A project to redevelop the historic core of the former Lorton prison, also known as the Laurel Hill Adaptive Reuse Area, is moving forward after 14 years of planning and preparations. The 80-acre reuse area is the final piece of a 2,300-acre land development puzzle that began in 2001.
Liberty Crest at Laurel Hill, the name of the new neighborhood, will reuse former prison buildings and preserve the historic character of the site, which is listed on the National Register of Historic Places.
When complete, Liberty Crest at Laurel Hill will be a vibrant, walkable community full of shopping and dining options for new residents living in apartments, townhouses and single-family homes. This long-awaited project will create another desirable place to live, work, play, learn, and thrive in Fairfax County – a tenet of our strategic plan for economic success.
Phase one plans call for a total of 272 condos/townhomes/single family homes:
The estimated $188 million project represents a partnership between us and two developers — The Alexander Company and Elm Street Development — with our contribution capped at $12.8 million toward the share of public infrastructure design and construction.
Benefits of Redevelopment
- Preservation of a nationally significant historic site
- New living, shopping, dining, and office space options
- Beautification of the former prison
- Improved access to Giles Run Meadow Park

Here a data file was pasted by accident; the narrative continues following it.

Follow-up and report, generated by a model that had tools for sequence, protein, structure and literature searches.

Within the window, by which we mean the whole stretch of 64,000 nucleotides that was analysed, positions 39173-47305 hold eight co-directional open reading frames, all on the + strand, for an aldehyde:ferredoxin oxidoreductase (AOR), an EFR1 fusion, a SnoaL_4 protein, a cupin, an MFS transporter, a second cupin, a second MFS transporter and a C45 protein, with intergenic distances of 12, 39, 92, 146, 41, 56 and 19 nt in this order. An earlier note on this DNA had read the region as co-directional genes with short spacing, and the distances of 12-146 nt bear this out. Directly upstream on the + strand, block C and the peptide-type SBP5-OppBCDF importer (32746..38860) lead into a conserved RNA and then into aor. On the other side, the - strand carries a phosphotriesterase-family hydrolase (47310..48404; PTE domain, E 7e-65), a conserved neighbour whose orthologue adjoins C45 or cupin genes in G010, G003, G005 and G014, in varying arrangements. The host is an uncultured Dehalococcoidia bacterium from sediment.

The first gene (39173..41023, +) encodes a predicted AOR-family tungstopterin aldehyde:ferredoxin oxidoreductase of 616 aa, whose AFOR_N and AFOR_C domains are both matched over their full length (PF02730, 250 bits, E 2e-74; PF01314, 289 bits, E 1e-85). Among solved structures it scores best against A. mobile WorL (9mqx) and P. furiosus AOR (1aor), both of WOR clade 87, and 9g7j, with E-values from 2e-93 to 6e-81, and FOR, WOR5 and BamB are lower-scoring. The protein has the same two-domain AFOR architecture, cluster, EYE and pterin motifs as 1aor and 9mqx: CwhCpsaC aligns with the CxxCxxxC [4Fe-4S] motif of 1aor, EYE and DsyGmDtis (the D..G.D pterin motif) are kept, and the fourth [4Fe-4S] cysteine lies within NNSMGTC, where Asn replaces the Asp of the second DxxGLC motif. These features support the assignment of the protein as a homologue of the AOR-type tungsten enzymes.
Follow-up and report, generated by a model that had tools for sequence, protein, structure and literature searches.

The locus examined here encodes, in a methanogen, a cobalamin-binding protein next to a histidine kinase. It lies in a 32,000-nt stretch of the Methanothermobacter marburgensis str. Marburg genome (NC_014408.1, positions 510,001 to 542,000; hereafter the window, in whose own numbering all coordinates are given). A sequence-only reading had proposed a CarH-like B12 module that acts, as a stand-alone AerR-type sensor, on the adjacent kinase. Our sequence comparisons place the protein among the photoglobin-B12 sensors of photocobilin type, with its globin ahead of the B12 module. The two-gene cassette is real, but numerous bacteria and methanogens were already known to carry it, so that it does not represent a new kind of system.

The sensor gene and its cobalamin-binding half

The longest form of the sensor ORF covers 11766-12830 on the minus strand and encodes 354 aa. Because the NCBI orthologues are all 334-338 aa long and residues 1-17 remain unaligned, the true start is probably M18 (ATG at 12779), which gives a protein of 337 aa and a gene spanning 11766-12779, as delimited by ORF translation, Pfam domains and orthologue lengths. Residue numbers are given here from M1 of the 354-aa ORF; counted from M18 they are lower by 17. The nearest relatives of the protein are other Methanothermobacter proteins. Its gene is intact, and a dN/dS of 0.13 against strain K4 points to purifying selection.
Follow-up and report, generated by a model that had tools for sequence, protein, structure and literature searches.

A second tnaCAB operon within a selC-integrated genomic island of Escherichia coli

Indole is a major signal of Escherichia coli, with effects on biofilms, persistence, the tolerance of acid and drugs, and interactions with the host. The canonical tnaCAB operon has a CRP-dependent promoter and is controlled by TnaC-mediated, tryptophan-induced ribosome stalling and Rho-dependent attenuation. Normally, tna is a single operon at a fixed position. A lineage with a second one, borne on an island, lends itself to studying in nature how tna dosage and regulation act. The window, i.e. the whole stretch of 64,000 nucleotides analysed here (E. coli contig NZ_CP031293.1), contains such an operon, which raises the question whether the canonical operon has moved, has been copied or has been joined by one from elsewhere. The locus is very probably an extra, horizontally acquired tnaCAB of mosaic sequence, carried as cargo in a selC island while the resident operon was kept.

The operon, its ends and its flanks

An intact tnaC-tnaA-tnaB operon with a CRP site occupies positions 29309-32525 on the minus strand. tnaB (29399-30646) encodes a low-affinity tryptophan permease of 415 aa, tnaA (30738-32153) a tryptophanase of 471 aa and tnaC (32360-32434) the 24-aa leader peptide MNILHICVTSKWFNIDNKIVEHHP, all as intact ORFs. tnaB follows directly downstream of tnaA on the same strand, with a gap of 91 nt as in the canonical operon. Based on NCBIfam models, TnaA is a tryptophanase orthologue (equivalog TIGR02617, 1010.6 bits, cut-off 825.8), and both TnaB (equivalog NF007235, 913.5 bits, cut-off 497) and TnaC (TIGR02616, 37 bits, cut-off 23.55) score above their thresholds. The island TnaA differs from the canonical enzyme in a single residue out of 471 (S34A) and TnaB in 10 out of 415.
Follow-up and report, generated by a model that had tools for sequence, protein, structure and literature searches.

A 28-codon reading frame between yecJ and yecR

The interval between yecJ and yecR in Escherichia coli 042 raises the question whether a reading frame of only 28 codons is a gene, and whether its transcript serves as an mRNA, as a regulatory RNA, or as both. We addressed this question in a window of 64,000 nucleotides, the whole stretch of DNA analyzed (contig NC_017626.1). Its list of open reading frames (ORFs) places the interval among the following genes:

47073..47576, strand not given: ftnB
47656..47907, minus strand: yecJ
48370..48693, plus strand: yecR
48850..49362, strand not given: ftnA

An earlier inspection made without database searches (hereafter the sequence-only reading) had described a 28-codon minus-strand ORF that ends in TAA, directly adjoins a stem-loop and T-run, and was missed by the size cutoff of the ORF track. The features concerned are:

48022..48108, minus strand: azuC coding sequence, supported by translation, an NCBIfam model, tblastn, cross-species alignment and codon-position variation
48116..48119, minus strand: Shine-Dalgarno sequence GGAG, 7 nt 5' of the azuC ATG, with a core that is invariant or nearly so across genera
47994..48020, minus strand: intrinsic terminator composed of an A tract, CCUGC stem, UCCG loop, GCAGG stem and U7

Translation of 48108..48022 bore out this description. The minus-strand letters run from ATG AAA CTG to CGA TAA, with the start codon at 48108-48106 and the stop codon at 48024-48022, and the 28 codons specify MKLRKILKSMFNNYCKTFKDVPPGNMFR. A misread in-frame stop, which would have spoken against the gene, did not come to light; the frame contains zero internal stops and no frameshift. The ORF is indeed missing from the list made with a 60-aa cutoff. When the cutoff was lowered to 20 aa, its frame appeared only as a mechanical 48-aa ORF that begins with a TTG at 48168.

- Integration of former prison campus into surrounding community
- Improved stormwater management
- Community-serving open space
A groundbreaking ceremony for Liberty Crest at Laurel Hill was held Dec. 7 with community members, local officials, land planners, historic preservationists and real estate developers.
For the better part of a century, the grounds of Lorton prison, one of the most beautiful parcels of land in Fairfax County, were restricted and hidden from public view.
There’s a rich history of the site dating back to President Theodore Roosevelt and his vision for reforming inmates.
When Fairfax County purchased the 2,300-acre site in 2001 from the D.C. Department of Corrections, there were two areas identified as “adaptive reuse areas” — this project and the current Workhouse Arts Center.
Learn more about the history of the prison through this short video below and through the years of meetings and documents to redevelop the land:
With Liberty Crest moving forward, most of the land use puzzle pieces are in place to transform the area from the old Lorton prison to what we now call Laurel Hill. New schools, parkland, the Workhouse Arts Center and an award-winning golf course preceded the Liberty Crest project.
- Workhouse Arts Center – 2004
- South County Secondary School – September 2005
- Laurel Hill Golf Club – October 2005
- Cross-County Trail – May 2006
- Laurel Hill Park – Giles Run Meadow – October 2007
- Laurel Hill Elementary School – September 2009
- Laurel Hill Multiuse Trails – September 2009
- South County Middle School – September 2012
- Equestrian Riding Ring – April 2014
- Spring Hill Senior Living Community (private) – 2006-2014
- Liberty Crest at Laurel Hill Groundbreaking – December 2015